So you’ve been working out pretty consistently now for at least 6 weeks and you’ve seen some progress in your strength, fitness and maybe your body composition has even improved slightly – nice.
But recently, you’ve shown little to no progress and so your motivation begins to wane. Your workout routine which you were so keen on before is getting bland and even boring.
Time to change the workout routine and inject some new stimuli to the muscles, right?
When our training plateaus, it’s easy to conclude that your exercise routine has reached its end of usefulness and it’s time to find a different routine to continue to challenge and stimulate the muscles for further growth. And in many cases, that might just be true, especially if your original workout routine was designed poorly and didn’t target the major muscle groups in your body or didn’t push you to a high enough intensity.
There are many reasons why your progress may plateau.
Some of them may be:
- Your workout routine is designed poorly;
- You’re not working out at a high enough intensity;
- You have a poor diet;
- You have poor quality or not enough sleep;
- Your exercise technique is poor and ineffective
- Your frequency is too little;
- Your frequency is too much (overtraining).
If in fact your workout program is poorly designed, then you may need to switch to a better program (more on what constitutes a well-designed program later). Or if your fitness goals are more specific and requires further development of other muscles groups that weren’t covered or you’ve noticed an under-development of certain muscles groups, then yes, you may need to adjust your current workout routine to target those focus areas.
But for the majority of the population with a very generic goal of to ‘lose fat and get fit’, and assuming your workout routine is a well-designed one, then constantly changing workout routines is actually doing you more a disservice.
One common misconception is the belief that ‘muscle confusion’ is necessary in order to continue to stimulate the muscles for growth. There are after all, lots of fitness videos and programs out there that advocate ‘muscle confusion’ is the way to sustain progress. But those claims are just plain false.
If you have tried varying your routine and found that it has helped improve your strength and conditioning, consider the following argument.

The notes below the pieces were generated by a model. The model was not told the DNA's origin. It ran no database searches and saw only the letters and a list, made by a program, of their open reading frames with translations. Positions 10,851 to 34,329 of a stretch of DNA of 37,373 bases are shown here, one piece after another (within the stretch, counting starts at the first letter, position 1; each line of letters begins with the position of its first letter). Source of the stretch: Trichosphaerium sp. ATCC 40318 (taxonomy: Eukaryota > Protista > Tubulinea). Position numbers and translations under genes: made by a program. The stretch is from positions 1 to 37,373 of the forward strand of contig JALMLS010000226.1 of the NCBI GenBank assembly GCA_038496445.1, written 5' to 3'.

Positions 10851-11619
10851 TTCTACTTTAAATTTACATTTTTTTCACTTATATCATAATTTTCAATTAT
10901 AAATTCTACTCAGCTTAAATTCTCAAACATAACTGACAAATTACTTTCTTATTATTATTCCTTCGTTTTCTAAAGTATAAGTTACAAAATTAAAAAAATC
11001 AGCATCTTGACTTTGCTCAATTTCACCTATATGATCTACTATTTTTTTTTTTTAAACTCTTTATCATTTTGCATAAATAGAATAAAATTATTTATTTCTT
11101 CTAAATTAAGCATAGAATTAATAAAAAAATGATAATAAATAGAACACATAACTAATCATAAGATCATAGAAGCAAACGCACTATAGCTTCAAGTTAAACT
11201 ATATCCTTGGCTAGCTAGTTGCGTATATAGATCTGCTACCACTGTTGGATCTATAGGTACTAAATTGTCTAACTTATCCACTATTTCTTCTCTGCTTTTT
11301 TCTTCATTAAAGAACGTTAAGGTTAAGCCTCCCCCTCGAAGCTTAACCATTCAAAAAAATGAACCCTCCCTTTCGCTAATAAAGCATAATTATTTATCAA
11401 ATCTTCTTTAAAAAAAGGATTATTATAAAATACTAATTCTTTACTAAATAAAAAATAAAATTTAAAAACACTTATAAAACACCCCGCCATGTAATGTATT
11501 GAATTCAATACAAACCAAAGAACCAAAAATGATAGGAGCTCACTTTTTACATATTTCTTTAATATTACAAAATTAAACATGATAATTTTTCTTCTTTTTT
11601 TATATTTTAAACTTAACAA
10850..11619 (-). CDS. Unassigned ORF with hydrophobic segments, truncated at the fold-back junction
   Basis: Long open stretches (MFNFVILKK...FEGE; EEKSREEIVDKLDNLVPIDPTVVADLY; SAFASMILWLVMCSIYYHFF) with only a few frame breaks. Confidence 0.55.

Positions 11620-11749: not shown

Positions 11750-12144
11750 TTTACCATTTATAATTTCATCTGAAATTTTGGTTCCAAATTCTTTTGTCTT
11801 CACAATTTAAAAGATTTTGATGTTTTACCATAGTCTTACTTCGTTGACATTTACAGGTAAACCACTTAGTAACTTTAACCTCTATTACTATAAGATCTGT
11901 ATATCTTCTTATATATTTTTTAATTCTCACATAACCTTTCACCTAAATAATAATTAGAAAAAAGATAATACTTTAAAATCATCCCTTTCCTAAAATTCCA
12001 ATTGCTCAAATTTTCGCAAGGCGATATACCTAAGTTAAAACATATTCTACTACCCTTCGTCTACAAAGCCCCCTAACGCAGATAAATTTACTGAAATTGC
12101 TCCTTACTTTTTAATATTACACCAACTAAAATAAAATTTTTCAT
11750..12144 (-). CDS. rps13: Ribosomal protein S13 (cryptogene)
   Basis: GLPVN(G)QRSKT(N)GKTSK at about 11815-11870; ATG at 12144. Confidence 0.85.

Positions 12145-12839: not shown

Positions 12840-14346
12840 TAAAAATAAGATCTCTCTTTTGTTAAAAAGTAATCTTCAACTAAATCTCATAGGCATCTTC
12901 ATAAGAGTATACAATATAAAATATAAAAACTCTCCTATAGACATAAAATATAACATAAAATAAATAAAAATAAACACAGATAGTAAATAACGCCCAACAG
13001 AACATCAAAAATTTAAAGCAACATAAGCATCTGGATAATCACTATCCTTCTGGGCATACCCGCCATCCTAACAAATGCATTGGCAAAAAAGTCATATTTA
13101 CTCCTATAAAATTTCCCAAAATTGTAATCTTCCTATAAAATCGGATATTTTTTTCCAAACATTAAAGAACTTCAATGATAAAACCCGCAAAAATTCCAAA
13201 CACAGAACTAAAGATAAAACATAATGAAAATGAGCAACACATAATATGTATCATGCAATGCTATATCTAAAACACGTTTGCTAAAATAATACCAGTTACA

When you start a new routine or exercise, there are neural adaptations that have to take place for you to learn the new movement.
For example, if you have been doing the bench chest press using dumbbells and then you decide to switch to the cable flies to work your chest, you will have to get accustomed to the new grip on the cable machine. You will have to learn the stance and engaging your core muscles so the stack of weights won’t pull you off your position. You will have to learn how to contract the pecs with a perhaps straighter arm in the elbow joint than what you were used to in the chest press movement. These changes all affect your nervous system and because of its unfamiliarity, results in less force produced in your chest muscles.
However, you keep doing it for a few workouts and you start to get used to the movement. In other words, you have learned to be coordinated and efficient with the movement to start to produce more force and so you lift a heavier weight, thus giving you the impression that you’re making progress again.
But don’t forget, that you may actually be producing 100 units of force when you were doing the bench chest press but when you switched over to the cable flies, that went down to 50 units of force as you started to learn the proper form and movement pattern for that new exercise.
This gave you the sense of progress as you did in fact improve on doing the cable flies, but in terms of the actual benefit to your pectoralis major (chest muscle), it went down in intensity and resistance and after some time spent doing the cable flies it developed back up to maybe where you left off when you were doing the bench chest press.
This illusion of progress did not improve your body composition, nor did it enhance your metabolic conditioning in any way from before, but at least you mastered a new technique for working out the chest!
As shown in Figure 1, after changing routines or exercises and developing yourself back up, you are in fact no better off.
Unfortunately, as we all get stronger and better conditioned, it is inevitable that gains will be harder to come by. Any little gain will come with a huge cost in effort. But by constantly changing routines and exercises, you will never be able to make incremental (albeit) small gains beyond your attention span.
It is worth mentioning that there is nothing wrong for those who need to ‘keep things interesting’ for them to keep exercising, as we all get bored from time to time, but they should know and understand what a safe and effective exercise program should be to avoid wasting time, or worse, increasing the risk of injury.